We routinely overpay, underestimate, and postpone everything we do, from drinking coffee to losing weight, from buying a car to choosing a romantic partner. However, these erroneous actions are neither random nor senseless. They're methodical and predictable, which causes us to be predictably irrational. Dan Ariely, a behavioural economist, deciphers how our judgements are significantly less reasonable than we believe in his book Predictably Irrational, and how marketing methods exploit this irrationality to attract customers.
Here are three crucial lessons from the book that can help us make better decisions to improve our lives and finances.
Humans do not think in absolute terms but terms of relativity. So you may be happy with your smartphone as it has everything you want and more. That is until you see your friend's latest phone purchase. Somehow, the top-of-the-line smartphone you recently bought doesn't seem as shiny anymore. Businesses exploit this inherent human tendency by placing an inferior option next to superior ones to make the superior ones more appealing to customers.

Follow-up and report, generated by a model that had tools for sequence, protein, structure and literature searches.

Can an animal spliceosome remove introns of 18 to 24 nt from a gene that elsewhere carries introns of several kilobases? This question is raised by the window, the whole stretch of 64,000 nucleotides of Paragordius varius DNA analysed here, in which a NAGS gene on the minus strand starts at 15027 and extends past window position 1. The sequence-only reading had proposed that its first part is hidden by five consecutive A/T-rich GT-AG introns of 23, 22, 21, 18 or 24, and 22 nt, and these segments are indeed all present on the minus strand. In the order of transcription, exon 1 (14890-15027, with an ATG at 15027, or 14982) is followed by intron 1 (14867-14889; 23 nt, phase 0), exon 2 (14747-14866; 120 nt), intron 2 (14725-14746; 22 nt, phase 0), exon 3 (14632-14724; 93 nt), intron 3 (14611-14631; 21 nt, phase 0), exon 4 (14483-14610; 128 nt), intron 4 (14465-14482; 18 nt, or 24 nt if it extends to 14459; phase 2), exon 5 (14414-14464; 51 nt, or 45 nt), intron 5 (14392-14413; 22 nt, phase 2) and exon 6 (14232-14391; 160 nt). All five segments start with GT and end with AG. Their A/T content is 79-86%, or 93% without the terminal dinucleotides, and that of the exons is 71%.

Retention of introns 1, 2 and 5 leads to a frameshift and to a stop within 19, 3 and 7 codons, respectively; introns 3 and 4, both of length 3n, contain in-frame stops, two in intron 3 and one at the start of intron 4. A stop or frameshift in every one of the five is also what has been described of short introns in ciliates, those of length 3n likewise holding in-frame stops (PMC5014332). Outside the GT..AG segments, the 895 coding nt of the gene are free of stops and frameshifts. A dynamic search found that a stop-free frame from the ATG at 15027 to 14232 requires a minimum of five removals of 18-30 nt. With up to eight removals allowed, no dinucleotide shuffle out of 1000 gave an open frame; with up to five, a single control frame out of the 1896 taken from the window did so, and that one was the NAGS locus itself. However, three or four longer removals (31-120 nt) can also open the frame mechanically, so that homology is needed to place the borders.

The next time you compare and judge something as superior to what you have, wait a minute. Consider whether you need to buy something new or a successful marketing strategy and the lure of possessing something shiny and new that has you craving it.
When looking at two similar products next to each other, you may assume that the higher-priced product is superior. However, that is not always the case. Higher-priced products bring an expectation of quality. Without this expectation, we would question our purchasing decisions more often.
There is a positive feedback loop that starts here because we assume the higher-priced product has better quality, and perceive it accordingly. Regardless of whether the product is genuinely superior to the lower-priced one, this perception will be there. The next time you are inclined to purchase something, scrutinise the item's details, do your research, look at reviews, and then make a decision that isn't simply based on price.
An economic concept called the endowment effect states that we value things more highly if we own them. This is especially true for items with experiential, symbolic, or emotional significance.
For example, suppose you enter a lottery to win tickets to a concert. You win the ticket but are unable to attend. You decide to sell your ticket at a hiked-up price because you believe it is worth much more. Here the endowment effect shows how you have raised the ticket price because you have an emotional attachment to it since you have won it. Moreover, since you own it, you don't want to let it go at a perceived loss, as the endowment effect illustrates that we hate losing things we own. This behaviour also depicts how because we think highly of an item, we expect others to do so as well.
Using the above lessons to refine your decision-making skills brings some rationality to the irrational, which will lead you to a financially healthier and happier lifestyle.
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